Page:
If there was one downside at all to World Con, it would be that it’s just increased my to-read authors list by many orders of magnitude. Always better too many than too few, right?

Full Immersion

I’m at the end of Day Two of World Con, trying (and failing) to come up with any coherent thoughts that would express, even minimally, how productive these two days have been. Productive and exhausting, both mentally and physically.

My right hand, for instance, has one hell of a cramp. I haven’t taken so many notes since I was in high school. I’ve put in a solid dent into the Moleskine notebook I have dedicated just to World Con and I’ve already killed the first of my pens, ruining the nerd-esque color-coding I had planned. I have blisters blossoming on my feet. My back has only just begun recovery from the twisting depravity that was the 10-hour bus ride here. After surviving on only two hours of actual sleep on my red-eye trip, I managed to make it through the first day of panels until the evening, where I had to crash with the comfort of two liquid gel painkillers. But that was the worst of it, so it’s not too bad.

Our quiet, non-party hotel isn’t; there is a massive, multi-night French rock festival happening literally outside on the corner. Strangely, perhaps because it isn’t in english, it’s not keeping either myself or my roommate up. And the beds are sinfully comfortable. That never hurts. Tonight may be different. We’re clearly on a hard rock, Fracophone Metallique style. May require headphones.

But the Con itself. My god. Everything I could have hoped for. In some cases, too much. I pour over the convention panel schedule, highlighter in hand, and my thoughts run from “When am I going to eat?” to “Those evil fuckers!” In some time slots there are, no word of a lie, five panels that if they were back to back instead of simultaneous I would happily dedicate the entire day to attending each one and leave feeling completely satisfied. Instead, I must pick one and only one, and then do it all over again each and every hour that follows. I could go to this same Con five times and get an entirely different experience out of it each time.

And as for the writers themselves, so far I’ve managed to attend panels with Neil Gaiman, George R. R. Martin, and Nancy Kress — all of whom make my inner fangirl squeal. (Okay, my outer fangirl, too.) I also got to listen in to a live taping of Writing Excuses, one of my favorite podcasts. I’m not doing the signing thing, though, for practical reasons. I did not have the ability to lug significant quantities of books to the convention to get signed nor do I have the money to purchase new books to be signed and then brought home. I have already bought too many new books and must resist the urge to purchase books 2, 3 and 4 (of 6!!!) of the new Roger Zelazny collection. In fact, the logistics of how I’m going to bring them home have already hit me and I pray to whatever gods there are that the bus ride heading back is not packed body-to-body as the one coming here was for the selfish reason that I will need the extra seat.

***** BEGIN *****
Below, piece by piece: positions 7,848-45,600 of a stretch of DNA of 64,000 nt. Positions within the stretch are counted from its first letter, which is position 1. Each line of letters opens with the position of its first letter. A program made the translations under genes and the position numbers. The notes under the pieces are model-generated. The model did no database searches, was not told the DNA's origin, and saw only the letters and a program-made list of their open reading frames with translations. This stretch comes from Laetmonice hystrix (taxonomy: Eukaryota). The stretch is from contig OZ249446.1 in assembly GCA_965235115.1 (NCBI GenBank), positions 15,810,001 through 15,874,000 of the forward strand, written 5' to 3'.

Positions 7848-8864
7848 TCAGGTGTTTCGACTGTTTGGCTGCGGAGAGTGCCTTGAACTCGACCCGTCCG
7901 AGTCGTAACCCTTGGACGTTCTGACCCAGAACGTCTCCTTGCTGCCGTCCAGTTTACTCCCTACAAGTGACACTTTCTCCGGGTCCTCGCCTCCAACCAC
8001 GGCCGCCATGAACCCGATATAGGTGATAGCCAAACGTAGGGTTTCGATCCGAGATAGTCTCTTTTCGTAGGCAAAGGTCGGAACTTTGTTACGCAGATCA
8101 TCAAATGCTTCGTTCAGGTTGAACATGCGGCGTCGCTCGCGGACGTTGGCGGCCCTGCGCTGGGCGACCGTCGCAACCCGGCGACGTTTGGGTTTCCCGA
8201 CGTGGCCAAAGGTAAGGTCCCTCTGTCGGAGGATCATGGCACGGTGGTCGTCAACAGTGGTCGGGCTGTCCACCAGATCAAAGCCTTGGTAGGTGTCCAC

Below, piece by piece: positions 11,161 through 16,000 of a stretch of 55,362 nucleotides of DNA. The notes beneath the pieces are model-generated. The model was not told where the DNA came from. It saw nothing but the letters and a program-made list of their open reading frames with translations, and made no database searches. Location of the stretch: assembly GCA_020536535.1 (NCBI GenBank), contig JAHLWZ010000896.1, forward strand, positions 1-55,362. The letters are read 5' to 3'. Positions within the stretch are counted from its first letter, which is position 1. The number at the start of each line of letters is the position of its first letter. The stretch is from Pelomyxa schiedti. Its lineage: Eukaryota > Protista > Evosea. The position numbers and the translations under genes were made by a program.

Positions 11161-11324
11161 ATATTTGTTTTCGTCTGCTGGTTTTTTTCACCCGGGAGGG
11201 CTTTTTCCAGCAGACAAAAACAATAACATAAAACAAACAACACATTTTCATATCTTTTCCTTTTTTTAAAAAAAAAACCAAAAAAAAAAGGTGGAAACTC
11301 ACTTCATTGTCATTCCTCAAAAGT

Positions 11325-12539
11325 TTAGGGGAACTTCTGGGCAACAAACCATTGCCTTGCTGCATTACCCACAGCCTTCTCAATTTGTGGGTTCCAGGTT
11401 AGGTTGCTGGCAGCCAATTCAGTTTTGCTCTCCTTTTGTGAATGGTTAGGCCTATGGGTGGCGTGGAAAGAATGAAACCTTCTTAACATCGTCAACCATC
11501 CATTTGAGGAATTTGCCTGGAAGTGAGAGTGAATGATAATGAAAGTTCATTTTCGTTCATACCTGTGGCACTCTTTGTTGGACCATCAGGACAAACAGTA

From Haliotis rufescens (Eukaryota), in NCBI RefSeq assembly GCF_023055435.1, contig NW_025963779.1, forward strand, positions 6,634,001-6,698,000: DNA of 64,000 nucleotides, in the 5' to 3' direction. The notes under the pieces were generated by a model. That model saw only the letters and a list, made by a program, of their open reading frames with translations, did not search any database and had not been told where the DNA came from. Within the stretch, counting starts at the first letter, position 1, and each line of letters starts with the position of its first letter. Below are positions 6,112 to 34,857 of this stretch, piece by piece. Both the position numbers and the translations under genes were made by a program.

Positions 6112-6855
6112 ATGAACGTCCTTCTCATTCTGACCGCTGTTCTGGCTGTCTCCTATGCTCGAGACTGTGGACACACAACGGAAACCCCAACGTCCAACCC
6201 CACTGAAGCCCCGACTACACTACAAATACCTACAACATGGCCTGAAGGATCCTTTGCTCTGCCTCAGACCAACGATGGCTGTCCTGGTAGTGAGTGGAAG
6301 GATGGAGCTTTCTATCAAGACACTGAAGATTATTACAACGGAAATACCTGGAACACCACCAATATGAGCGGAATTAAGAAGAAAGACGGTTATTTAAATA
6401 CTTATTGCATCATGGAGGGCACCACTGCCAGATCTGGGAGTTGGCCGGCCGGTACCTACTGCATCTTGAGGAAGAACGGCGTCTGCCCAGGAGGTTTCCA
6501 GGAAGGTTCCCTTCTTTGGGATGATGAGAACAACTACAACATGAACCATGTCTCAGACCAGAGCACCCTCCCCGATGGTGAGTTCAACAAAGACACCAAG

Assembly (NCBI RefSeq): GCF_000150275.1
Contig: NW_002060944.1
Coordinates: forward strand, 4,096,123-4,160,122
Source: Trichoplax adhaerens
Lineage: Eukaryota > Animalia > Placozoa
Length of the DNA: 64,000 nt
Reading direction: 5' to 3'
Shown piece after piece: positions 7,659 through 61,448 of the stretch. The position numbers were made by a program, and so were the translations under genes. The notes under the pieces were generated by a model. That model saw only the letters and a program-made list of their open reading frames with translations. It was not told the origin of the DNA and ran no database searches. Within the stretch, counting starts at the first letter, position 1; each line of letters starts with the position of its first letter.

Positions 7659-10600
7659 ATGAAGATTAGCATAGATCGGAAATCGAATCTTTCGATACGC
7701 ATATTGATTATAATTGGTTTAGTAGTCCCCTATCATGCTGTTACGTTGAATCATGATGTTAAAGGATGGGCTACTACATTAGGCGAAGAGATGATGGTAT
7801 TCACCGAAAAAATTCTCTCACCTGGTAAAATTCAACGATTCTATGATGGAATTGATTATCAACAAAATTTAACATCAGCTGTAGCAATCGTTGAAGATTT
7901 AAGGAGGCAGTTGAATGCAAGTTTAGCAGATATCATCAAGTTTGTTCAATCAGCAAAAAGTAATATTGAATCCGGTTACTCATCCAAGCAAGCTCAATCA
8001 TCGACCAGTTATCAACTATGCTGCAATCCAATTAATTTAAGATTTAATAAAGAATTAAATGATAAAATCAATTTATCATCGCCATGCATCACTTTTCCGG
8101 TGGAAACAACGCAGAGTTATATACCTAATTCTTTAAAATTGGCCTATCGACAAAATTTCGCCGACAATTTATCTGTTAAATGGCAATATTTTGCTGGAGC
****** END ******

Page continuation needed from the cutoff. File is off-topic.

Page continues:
Tired, but in the happiest sort of way. And there are still two days left!

More commentary to come when I am lucid. Which may not be until Monday afternoon.

Other Peoples Stories

Just finished getting my mind blown away by Neal Stephenson’s The Diamond Age. When I read Snow Crash, it was a revelation, yet The Diamond Age handedly surpassed my already high expectations. There is so much happening, so many good and interesting and deep extrapolations, not just with technology, but with culture, too. Your mind is left full for days, weeks, past what other perfectly fine books offer. I would love to take a peek at his process, see how he writes his books. So much happens, and so much world-building. I couldn’t imagine not having a book bible as big as a room, and if he does it all in his head — my god, I can’t imagine it.

But I loved reading it. I don’t know if he’s going to World Con. It would be amazing, but I can find no confirmation of this. Hope springs eternal, though.

In the meantime, I am reading The Gunslinger by Stephen King with the hopes of finishing it before World Con. This book isn’t from my to-read pile; it’s part of a cultural exchange. I’ve been begging and begging Todd to read A Game Of Thrones by George R. R. Martin. He’s loved the dark storytelling of HBO’s Deadwood and Rome and with HBO beginning work on adapting Martin’s series, I’ve been pushing him to read it. In retribution, I must at least read the beginning of King’s Dark Tower series, and so I am committed. I want to (and should be able to) finish it before World Con because I don’t want to bring any books with me. Irony? No. I am sure I will be buying books when I am there and I want to keep my baggage light. Instead I plan to put my various e-book reader programs to the test during the long ride there. I might even buy a book off of e-Reader, not just read one of the freebie SF downloads for Stanza I’ve managed to find.

Anywho. Working on the novel right now. Not happy with my default choices for where the action of the scene takes place. I know the content of the actions, the verbal fight my character will have with her mentor, but not where to put it. This is becoming a procrastination wall. Yet no shorter a wall because it is self-made.

Maybe I’ll just write the dialogue until it hits me where the hell I should have it take place. I mean, I have a back up idea, but it’s boring. I’m going through that right now, hating the book and then finding it strangely compelling. Rasifrasm.

PS: Only 8 days until World Con!